Building alternative practices for RRI in Japan and the UK

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As governments turn to science, technology, and medicine to deliver economic growth in times of uncertainty, they also turn to the humanities and social sciences to facilitate societal engagement and acceptance. This is a limited way of understanding the possible contributions of these disciplines to the development of science, technology and society.

With funding from the ESRC, we are working together to create a more expansive and critical agenda for Responsible Research and Innovation (RRI) in emergent scientific and technological fields, in a manner that is sensitive to national differences and promotes renewed reflexivity in both contexts. The project’s main activities centre around two workshops: the first in the United Kingdom and the second in Japan.

Workshop 1 - Exploring Responsible Innovation

Edinburgh, March 2019

Our first workshop examined the development of responsible innovation in the United Kingdom and Japan. Participants drew on a series of case studies to demonstrate how different kinds of responsibility are enacted by scientists, social scientists and policy makers. 

We also explored how practices and policies travel, becoming nested within broader structures. For instance, there is a tendency for RRI to over-emphasise the actions of scientists and under-emphasise the broader economic forces that drive scientific research. Finally we explored what was missing in RRI, including attention to alternative forms of innovation (social, frugal, grassroots), which may not feature in the analysis of novel technological developments.

Collaborations

Our case studies illustrated that the emergence of the concept of responsible innovation has been followed by calls for frameworks, guidance and examples of best practice. While protocols and guidelines are important, our concern is that such calls may assume that practices can be easily lifted from one setting to another to ‘take care of RRI’. This assumption overlooks the important underlying discussion that is required to understand the mutual trajectories of science, innovation and society in different national contexts.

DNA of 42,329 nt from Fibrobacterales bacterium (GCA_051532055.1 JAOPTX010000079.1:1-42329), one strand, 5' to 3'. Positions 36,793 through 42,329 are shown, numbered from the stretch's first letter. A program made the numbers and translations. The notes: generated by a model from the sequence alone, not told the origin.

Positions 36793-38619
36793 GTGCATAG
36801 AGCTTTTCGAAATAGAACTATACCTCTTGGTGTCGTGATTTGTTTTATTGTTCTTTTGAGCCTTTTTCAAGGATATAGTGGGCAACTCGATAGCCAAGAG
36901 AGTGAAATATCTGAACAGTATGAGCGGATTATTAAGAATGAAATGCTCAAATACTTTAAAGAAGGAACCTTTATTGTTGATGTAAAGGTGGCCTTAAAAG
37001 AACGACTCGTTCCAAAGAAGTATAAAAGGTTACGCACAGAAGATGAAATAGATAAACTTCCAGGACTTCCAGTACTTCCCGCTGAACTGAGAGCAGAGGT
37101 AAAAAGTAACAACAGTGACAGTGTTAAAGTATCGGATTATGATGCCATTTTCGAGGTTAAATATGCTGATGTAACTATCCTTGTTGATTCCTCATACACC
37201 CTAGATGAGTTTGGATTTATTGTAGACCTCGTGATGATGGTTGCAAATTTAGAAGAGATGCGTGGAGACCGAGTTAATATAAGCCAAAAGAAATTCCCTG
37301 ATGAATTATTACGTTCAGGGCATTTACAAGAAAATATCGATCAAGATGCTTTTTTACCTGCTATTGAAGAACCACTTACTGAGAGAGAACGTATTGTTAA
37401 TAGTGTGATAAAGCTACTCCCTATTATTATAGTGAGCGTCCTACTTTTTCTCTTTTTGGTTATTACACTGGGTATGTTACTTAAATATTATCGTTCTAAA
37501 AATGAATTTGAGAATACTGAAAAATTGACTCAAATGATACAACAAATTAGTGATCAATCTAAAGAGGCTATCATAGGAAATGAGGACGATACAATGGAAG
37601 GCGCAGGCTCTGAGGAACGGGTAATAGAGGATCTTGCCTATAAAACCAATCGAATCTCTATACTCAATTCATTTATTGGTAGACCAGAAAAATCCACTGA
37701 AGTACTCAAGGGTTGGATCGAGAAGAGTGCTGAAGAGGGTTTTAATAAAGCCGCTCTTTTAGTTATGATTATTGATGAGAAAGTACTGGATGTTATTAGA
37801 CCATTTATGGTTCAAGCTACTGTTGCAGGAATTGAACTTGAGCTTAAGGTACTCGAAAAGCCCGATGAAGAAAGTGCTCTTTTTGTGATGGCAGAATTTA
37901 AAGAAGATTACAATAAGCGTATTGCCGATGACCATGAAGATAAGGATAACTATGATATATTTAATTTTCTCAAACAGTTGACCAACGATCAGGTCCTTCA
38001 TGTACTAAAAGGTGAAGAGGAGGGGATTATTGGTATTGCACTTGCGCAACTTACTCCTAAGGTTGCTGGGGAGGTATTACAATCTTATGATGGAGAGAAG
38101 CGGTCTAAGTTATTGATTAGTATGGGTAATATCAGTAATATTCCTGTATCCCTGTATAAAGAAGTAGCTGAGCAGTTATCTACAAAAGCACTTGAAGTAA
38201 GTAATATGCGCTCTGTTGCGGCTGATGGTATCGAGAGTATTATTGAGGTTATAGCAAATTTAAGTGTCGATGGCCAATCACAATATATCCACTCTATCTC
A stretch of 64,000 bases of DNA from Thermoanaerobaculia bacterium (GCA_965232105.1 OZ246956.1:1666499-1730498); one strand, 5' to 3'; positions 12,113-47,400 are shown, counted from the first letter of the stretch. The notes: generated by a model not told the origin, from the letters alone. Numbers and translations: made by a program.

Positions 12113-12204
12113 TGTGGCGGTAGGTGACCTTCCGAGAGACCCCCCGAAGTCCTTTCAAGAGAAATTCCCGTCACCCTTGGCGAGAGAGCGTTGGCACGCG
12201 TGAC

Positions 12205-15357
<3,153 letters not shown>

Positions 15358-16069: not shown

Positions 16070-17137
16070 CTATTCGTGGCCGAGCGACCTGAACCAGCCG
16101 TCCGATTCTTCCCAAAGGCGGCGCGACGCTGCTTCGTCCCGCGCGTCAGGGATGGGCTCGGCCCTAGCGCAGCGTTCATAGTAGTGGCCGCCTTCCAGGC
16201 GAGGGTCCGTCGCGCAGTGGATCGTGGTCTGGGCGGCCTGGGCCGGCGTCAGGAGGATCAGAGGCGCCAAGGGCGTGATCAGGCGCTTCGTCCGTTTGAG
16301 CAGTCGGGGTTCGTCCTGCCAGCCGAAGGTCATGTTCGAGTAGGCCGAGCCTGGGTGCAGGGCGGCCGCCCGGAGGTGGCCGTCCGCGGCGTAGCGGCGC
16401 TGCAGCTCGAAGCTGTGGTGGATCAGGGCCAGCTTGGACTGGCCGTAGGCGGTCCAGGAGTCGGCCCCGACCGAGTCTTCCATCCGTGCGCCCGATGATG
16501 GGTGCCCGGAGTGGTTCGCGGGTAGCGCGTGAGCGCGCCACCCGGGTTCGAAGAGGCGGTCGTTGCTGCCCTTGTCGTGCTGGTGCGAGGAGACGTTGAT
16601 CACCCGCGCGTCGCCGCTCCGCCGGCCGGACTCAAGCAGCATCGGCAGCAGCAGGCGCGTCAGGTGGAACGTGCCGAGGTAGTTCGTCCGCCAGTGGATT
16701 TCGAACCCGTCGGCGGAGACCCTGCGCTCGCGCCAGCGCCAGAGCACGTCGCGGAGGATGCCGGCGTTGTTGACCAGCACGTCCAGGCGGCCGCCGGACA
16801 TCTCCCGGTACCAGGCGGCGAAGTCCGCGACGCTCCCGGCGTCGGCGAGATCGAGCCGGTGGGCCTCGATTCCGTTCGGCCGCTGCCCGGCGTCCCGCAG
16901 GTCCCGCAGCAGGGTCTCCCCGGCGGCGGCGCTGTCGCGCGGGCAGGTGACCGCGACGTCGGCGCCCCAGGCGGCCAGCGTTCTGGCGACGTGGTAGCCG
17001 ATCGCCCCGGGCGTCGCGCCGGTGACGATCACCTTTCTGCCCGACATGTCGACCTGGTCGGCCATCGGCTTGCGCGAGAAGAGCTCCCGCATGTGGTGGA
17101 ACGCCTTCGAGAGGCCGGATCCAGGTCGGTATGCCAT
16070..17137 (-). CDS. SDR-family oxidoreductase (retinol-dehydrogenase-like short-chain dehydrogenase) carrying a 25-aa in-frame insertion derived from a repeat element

By exploring different technologies, methodologies and engagements, workshop participants developed a shared working definition of responsible innovation as a space to imagine and create more diverse social relationships between technology and society than is currently the norm. Drawing attention to the spatial dimensions of RRI emphasises that the cultures, practices and values that drive research and innovation vary in different settings. At the same time, this spatial metaphor draws attention to the institutional structures that constrain and produce particular forms of innovation.

Edinburgh RRI Workshop Lunch

Drawing on case studies at the intersections of biology, engineering, medicine and computer science the group plans to explore this more expansive understanding of responsible innovation in our next workshop with particular attention to the following topics:

  • Discourses and metaphors. What discursive tools shape or participate in what responsibility/RRI means in a particular context?  
  • Temporalities & Histories. What are the key moments that shape how responsibility/RRI develops in a given context? What social and political dynamics are at play in these moments? 
  • Responsibilities. What are the dominant forms of responsibility and accountability in a given setting? How are they enacted and distributed amongst actors? What are the social and political conditions that produce this situation? 
  • Alternatives & Interventions. What are possibilities for challenging hegemonic framings of RRI in each setting? 
Ryuma ELSI Policy

Collaborators